The job of the historian is often to pull together broad themes and trends, then give them a snappy title that people will easily recognise and understand. That’s how we end up with labels like “The decline and fall of the Roman Empire” or “The Rise of Hitler and the Third Reich”.
The article We’re living through the first world cyberwar – but just haven’t called it that appeared in the Guardian on 30 Dec 2016.
TL;DR: Essentially the piece proposes that the war started around 2007 with the cyber-attacks on Estonia. In 2008 we had a series of major undersea cables cut, causing massive disruption in the Middle East. Various accidents have been blamed but there are still many cases unexplained. 2010 saw the arrival of Stuxnet and the release of the American Cables on WikiLeaks (Cablegate). The scenarios are not black and white because not only nation-states are involved, but also pressure groups, whistleblowers and hackers. In 2014, North Korea was accused of hacking Sony Pictures. In 2016, the US Presidential Campaign has allegedly been undermined by foreign state intervention. Although the piece does not mention the Panama Papers “leak” of 2016 which, in my view, falls into the same category (it was a WordPress plugin hack that gained access to the email servers).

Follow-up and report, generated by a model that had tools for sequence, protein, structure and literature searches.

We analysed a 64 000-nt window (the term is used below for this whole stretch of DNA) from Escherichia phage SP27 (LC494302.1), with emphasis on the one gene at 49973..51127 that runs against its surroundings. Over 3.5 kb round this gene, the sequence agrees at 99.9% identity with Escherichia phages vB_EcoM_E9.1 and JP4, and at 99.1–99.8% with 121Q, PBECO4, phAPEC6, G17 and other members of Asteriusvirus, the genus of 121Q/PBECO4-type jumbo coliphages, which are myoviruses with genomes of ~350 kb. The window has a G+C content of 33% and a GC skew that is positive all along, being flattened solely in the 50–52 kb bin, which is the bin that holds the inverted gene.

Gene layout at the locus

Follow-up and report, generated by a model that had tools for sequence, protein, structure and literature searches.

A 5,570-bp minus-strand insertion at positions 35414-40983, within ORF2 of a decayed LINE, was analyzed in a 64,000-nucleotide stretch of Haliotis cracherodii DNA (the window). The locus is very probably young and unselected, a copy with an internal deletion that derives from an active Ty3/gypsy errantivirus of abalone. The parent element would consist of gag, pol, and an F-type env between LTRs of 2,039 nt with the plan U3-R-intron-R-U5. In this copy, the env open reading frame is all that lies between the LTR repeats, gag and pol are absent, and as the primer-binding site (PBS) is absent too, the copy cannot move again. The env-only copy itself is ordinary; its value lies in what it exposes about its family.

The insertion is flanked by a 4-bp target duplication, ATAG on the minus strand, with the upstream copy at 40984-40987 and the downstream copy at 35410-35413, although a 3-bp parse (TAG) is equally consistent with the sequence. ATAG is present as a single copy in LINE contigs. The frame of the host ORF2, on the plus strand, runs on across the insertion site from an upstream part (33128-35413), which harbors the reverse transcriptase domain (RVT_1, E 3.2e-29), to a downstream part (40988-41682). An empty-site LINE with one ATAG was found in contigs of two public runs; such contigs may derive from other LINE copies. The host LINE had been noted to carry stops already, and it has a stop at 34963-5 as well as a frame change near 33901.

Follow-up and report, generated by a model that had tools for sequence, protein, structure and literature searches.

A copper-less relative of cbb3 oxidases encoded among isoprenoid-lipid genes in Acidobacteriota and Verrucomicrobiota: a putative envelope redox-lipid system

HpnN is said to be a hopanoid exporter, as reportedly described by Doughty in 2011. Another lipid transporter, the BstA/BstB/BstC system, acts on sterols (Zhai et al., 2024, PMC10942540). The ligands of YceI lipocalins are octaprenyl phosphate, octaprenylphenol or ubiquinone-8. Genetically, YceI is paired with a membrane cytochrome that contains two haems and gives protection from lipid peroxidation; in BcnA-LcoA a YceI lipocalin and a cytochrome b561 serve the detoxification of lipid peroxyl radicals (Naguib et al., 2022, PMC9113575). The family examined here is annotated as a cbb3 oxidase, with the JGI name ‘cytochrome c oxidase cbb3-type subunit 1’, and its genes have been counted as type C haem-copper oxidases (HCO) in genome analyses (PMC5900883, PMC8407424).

The article suggests that this will be the ‘first’ Cyberwar because it will ultimately de-escalate as it will become too expensive to continue to escalate. This may be as a result of a UN summit.
It’s an interesting idea, and if I were to give it a name I might pick WCI (World Cyberwar 1). Though WC also means toilet, so maybe the 21st century will mark the start of when humanity sends itself down the toilet? Cynic? Moi?
Personally, until the objective of this presumed war is truly known we can never call it a war. A war has an objective, but all we are seeing is a set of exchanges between different actors, some possibly connected and others unrelated.
Or is this simply a new phase of our human evolution? Our collective war on information? After all, information is power. With the Internet, there is so much information and disinformation out there it is hard to know what is real and what is fake. Are these acts part of a campaign to control the information? Or are they coincidentally being used to achieve this? New laws are being passed on this very matter and censorship and surveillance (in varying degrees) are already present in many forms.
Only time will tell.